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To Stop the Excuses. No, Seriously. Stop.  To pause and re-group and re-frame my mind, my thoughts and my action plan.  I know many of you struggle with the same demons.  And some of you struggle with different demons.  But regardless, we all have things that are rattling our cages and possibly putting up perceived roadblocks to the better versions of ourselves.

And I’ve had enough.

And then I saw this poster on my friend, Yoda’s, Facebook page. And it was like, “clickety click.”

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Obstacles may come and go–but I’m certainly not going to let anyone or anything (snacks included) hold me back from reaching my best version.

What is the best version of YOU? What do YOU want to change?  And how WILL you change it–starting NOW–not tomorrow.

Because the time is NOW.

Let’s get our sh*t together and make this the best year ever!

#JustKeepMovingForward #PutDownTheSnacks #StopTheExcusesNoSeriouslyStop #GetInThePool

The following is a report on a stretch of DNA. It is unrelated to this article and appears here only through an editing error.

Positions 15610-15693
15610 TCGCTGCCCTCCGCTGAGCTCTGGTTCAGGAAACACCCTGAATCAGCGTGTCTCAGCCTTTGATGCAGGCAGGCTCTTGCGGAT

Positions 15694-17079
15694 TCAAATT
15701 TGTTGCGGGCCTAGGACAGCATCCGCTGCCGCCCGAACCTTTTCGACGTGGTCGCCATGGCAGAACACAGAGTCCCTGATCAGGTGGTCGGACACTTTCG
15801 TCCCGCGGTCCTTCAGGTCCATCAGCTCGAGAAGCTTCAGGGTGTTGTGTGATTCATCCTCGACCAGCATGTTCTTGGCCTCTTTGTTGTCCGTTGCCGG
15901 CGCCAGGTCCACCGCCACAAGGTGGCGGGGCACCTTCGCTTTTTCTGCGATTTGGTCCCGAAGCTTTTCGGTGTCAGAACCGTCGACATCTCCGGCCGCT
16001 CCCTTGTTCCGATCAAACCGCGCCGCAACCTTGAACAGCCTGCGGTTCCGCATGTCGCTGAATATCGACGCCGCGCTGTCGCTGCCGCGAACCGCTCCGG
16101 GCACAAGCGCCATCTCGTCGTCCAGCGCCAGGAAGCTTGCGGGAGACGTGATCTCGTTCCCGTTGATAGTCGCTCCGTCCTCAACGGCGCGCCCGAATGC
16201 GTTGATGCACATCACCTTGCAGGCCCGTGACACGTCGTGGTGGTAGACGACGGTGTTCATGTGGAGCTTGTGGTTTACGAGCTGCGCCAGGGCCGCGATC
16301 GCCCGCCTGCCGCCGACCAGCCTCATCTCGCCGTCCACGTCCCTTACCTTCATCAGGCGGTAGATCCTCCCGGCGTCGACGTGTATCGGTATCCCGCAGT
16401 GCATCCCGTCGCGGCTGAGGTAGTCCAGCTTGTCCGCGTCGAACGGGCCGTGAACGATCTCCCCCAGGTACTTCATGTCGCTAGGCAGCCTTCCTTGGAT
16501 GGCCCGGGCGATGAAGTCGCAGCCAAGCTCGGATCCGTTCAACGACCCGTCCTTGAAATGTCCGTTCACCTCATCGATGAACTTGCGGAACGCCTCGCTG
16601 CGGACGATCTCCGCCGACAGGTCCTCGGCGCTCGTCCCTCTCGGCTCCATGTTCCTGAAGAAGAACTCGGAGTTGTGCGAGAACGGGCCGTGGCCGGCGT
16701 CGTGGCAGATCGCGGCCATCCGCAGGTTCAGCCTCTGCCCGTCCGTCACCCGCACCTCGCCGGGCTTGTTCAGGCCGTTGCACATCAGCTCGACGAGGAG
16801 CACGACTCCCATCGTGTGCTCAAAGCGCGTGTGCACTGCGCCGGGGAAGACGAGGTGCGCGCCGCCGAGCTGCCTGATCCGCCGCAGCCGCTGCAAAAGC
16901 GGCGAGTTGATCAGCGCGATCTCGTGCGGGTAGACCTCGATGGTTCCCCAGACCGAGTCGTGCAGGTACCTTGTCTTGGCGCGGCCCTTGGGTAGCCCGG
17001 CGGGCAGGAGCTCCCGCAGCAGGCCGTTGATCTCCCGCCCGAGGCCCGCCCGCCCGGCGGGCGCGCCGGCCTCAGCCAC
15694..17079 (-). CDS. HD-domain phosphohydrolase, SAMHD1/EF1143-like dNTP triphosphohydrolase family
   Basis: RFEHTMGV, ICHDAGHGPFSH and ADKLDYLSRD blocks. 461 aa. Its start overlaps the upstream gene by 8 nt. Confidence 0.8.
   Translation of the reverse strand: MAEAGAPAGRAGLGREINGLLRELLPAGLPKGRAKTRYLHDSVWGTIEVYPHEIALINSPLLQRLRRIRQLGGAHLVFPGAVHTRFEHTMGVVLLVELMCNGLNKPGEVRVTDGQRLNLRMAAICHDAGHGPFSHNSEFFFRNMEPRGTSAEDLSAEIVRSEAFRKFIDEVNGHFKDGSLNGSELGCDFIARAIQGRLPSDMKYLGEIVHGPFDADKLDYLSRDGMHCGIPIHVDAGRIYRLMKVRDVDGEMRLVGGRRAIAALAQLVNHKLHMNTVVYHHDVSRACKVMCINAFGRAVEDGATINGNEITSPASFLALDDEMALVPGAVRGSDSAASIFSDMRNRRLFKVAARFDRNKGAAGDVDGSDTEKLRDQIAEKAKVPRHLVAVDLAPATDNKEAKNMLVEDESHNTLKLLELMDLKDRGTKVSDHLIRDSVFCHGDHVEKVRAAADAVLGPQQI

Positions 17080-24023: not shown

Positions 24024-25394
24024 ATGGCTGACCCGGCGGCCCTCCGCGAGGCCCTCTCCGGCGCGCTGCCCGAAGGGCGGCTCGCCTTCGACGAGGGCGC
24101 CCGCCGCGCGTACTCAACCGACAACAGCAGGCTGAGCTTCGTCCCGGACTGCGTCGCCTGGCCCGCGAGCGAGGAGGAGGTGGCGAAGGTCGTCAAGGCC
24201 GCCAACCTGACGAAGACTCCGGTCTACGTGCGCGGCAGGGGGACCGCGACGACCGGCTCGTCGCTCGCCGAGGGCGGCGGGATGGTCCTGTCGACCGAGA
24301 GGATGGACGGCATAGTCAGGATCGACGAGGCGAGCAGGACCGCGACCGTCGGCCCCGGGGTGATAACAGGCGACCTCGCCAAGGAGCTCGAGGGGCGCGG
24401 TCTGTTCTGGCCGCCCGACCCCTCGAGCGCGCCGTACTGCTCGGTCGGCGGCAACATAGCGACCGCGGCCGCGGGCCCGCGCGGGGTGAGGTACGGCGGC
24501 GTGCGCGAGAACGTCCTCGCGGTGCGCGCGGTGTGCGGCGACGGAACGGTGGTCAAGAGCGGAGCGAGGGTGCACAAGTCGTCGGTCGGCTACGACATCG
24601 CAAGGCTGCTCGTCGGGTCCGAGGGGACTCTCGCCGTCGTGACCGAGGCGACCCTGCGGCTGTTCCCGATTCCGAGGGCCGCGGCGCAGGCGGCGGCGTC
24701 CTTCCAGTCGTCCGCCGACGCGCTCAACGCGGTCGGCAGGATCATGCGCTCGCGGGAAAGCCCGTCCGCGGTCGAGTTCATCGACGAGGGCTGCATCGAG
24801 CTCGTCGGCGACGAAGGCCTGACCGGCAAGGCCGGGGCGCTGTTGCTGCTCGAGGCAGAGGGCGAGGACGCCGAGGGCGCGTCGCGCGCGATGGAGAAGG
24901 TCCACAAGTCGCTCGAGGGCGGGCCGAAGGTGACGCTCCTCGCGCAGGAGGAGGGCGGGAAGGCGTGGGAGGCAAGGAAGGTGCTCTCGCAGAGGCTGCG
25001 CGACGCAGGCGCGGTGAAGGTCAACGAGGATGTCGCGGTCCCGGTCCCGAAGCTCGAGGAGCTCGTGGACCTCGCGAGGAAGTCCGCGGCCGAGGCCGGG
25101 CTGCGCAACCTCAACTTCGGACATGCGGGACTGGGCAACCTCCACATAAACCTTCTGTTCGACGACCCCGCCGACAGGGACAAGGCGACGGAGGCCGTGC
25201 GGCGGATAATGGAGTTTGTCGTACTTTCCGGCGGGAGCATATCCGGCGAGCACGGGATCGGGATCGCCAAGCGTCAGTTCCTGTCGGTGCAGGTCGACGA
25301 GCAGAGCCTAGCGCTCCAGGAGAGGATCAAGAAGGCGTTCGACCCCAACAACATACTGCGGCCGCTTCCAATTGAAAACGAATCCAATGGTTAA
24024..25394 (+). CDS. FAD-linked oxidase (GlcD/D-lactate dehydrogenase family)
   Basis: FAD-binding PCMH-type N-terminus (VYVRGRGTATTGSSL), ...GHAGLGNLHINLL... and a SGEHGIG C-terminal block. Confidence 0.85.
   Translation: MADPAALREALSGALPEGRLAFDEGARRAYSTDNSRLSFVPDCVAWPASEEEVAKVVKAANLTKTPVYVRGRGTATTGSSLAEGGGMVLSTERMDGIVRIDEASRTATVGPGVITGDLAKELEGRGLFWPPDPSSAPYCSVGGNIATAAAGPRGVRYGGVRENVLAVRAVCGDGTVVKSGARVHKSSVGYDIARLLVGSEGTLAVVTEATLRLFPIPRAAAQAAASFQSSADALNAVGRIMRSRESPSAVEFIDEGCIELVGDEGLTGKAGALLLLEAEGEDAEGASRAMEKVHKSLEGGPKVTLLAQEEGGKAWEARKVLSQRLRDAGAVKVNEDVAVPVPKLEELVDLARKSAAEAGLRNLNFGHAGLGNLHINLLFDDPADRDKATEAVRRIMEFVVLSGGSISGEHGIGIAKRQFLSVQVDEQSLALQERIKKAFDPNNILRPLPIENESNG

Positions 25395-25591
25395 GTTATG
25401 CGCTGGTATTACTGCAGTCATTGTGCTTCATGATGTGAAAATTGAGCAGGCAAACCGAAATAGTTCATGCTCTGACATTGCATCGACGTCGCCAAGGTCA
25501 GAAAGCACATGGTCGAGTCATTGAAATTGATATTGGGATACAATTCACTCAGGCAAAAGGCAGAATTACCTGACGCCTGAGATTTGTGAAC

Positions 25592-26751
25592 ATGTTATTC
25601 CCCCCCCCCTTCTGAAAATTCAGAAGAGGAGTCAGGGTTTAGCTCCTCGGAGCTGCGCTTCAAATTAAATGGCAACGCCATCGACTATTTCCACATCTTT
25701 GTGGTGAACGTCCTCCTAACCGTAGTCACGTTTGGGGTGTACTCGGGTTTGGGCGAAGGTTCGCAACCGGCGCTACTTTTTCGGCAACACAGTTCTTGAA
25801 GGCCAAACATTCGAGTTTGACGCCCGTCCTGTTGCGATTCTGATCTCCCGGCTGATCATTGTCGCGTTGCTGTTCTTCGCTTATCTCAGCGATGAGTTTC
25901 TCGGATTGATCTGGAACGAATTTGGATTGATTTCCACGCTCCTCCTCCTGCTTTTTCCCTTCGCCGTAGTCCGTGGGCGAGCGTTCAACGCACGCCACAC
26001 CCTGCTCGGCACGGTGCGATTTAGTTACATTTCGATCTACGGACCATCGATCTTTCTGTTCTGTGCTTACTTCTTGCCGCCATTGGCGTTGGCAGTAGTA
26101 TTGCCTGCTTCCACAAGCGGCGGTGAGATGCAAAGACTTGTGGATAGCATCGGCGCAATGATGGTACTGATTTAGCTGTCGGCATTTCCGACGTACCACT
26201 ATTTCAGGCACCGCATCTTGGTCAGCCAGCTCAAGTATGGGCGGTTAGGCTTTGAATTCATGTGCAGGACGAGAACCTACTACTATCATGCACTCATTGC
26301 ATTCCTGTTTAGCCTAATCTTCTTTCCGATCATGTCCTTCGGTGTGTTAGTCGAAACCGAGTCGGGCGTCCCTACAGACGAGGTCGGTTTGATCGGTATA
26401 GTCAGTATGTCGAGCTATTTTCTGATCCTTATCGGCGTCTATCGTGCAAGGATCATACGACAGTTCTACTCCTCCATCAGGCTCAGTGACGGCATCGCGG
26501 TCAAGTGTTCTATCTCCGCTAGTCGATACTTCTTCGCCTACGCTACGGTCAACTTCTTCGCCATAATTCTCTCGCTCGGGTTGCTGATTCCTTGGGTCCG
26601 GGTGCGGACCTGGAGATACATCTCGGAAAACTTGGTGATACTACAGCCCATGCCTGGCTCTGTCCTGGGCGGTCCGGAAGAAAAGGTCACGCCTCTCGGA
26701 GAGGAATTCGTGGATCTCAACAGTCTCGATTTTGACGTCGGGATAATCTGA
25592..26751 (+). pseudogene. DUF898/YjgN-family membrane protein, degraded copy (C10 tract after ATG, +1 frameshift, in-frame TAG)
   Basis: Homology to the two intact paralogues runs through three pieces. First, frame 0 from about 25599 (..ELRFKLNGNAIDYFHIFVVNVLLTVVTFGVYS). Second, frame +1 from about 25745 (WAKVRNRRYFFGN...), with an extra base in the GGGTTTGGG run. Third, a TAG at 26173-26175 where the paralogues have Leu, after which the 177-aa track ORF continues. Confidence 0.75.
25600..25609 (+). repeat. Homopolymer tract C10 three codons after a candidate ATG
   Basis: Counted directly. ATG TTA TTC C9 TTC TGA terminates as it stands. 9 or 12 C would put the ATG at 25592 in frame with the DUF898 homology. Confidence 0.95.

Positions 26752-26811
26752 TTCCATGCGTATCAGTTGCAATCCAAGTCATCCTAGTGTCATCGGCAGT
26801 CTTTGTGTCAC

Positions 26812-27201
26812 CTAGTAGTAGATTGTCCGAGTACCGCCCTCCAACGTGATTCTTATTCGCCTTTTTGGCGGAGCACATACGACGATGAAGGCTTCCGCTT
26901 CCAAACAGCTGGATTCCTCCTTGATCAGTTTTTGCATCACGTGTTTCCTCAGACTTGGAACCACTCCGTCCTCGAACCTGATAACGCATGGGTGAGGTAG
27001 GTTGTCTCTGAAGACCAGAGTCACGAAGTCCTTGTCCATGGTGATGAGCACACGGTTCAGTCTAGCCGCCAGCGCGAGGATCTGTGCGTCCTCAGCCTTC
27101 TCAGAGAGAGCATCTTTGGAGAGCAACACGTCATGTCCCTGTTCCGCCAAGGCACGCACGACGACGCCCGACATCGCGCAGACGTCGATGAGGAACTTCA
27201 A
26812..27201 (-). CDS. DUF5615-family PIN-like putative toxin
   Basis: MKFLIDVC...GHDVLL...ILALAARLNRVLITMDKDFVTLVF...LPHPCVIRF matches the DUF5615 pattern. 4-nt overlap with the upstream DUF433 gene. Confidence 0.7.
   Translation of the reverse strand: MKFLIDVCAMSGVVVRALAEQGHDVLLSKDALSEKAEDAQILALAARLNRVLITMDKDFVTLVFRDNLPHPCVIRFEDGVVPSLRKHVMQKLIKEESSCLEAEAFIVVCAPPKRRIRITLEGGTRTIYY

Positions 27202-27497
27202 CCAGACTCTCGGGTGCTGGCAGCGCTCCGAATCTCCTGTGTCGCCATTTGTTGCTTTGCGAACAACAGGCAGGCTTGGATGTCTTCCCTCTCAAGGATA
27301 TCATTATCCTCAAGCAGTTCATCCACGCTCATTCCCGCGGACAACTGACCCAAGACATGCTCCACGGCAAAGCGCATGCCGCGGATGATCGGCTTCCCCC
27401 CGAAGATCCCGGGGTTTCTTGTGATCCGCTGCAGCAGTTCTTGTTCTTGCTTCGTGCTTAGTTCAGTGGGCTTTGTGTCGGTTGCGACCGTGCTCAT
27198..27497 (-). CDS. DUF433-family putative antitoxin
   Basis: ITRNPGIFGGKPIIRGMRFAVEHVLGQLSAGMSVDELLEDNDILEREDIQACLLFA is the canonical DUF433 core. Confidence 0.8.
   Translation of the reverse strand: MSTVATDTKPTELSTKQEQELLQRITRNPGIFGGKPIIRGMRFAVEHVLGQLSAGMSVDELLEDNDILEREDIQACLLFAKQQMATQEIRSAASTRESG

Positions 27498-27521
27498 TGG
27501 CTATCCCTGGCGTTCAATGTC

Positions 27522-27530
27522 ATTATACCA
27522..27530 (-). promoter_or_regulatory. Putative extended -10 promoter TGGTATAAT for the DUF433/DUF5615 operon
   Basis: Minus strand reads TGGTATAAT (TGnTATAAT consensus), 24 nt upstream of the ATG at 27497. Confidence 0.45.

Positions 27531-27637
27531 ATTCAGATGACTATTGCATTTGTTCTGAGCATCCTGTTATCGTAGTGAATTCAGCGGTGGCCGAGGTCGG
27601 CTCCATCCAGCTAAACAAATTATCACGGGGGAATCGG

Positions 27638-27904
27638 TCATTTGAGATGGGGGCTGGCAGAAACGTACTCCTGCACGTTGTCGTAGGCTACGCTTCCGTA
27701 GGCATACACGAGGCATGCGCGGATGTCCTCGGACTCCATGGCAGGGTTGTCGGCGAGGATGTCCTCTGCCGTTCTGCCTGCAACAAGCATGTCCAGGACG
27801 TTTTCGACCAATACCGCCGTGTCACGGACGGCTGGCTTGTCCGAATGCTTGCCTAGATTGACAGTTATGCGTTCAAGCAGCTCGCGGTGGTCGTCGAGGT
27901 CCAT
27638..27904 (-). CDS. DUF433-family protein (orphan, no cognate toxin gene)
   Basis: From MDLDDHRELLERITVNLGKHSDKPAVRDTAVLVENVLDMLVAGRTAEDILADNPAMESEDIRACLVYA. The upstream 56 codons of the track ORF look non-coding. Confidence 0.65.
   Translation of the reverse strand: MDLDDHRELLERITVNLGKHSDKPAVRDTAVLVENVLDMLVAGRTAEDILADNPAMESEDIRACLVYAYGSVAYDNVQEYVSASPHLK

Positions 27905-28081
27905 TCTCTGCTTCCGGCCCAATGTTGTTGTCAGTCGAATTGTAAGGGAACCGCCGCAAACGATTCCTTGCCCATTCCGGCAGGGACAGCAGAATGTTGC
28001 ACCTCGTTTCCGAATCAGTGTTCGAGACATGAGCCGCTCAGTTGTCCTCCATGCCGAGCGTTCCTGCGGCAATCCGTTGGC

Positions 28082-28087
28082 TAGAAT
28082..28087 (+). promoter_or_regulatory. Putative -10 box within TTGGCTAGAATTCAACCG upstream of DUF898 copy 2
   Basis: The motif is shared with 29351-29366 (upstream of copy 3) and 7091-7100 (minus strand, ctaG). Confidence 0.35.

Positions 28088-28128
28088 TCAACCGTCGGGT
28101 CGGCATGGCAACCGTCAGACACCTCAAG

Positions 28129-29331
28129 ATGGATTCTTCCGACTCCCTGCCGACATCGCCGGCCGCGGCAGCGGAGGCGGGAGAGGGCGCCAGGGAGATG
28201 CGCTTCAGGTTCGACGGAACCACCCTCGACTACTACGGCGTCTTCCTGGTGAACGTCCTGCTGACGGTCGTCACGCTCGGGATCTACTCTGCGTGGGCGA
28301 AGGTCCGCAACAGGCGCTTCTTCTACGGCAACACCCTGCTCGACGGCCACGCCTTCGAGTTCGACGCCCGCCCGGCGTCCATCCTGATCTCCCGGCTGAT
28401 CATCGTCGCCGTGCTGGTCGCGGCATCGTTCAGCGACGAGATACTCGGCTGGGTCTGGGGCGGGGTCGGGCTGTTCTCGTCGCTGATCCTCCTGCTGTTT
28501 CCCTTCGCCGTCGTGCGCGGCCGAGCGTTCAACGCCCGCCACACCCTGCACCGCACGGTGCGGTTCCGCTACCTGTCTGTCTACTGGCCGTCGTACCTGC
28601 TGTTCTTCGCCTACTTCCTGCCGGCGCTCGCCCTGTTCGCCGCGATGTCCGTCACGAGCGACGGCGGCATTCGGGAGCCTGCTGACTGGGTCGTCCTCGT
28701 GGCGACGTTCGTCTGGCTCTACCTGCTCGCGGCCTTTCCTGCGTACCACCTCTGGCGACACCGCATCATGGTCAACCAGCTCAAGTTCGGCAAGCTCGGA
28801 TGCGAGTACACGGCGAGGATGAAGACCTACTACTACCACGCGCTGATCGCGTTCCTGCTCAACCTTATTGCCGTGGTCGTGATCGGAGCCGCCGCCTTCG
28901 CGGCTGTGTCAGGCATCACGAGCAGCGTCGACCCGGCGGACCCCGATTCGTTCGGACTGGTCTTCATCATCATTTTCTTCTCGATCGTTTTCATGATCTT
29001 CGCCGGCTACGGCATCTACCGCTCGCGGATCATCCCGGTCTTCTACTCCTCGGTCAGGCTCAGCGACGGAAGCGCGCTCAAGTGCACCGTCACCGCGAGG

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  • Cindy

    February 10, 2015 at 2:25 pm

    #truth I love the article and the blog post. Thank you for always knowing how to put my thoughts down. It’s a relief to realize I don’t have to figure it all out right now.

  • Carol

    February 10, 2015 at 2:42 pm

    yup … I am my own worst enemy and my own best friend. I know this, and your post reminded me. Back in the saddle with my best friend. It will be a bumpy ride …

  • Sara

    February 10, 2015 at 3:19 pm

    This resonates with me. I am the only person holding me back. Every day I exercise- hard. And every day I make horrible food choices that negate all the work I’ve done. Thanks for posting. I don’t have to wait until tomorrow to start working on getting my Sh*t together; I started with throwing away my awful lunch and will eat the fruits and veggies I planned on eating but scrapped when my day got busy. I think we need some kind of SMB get your Sh*t together hashtag.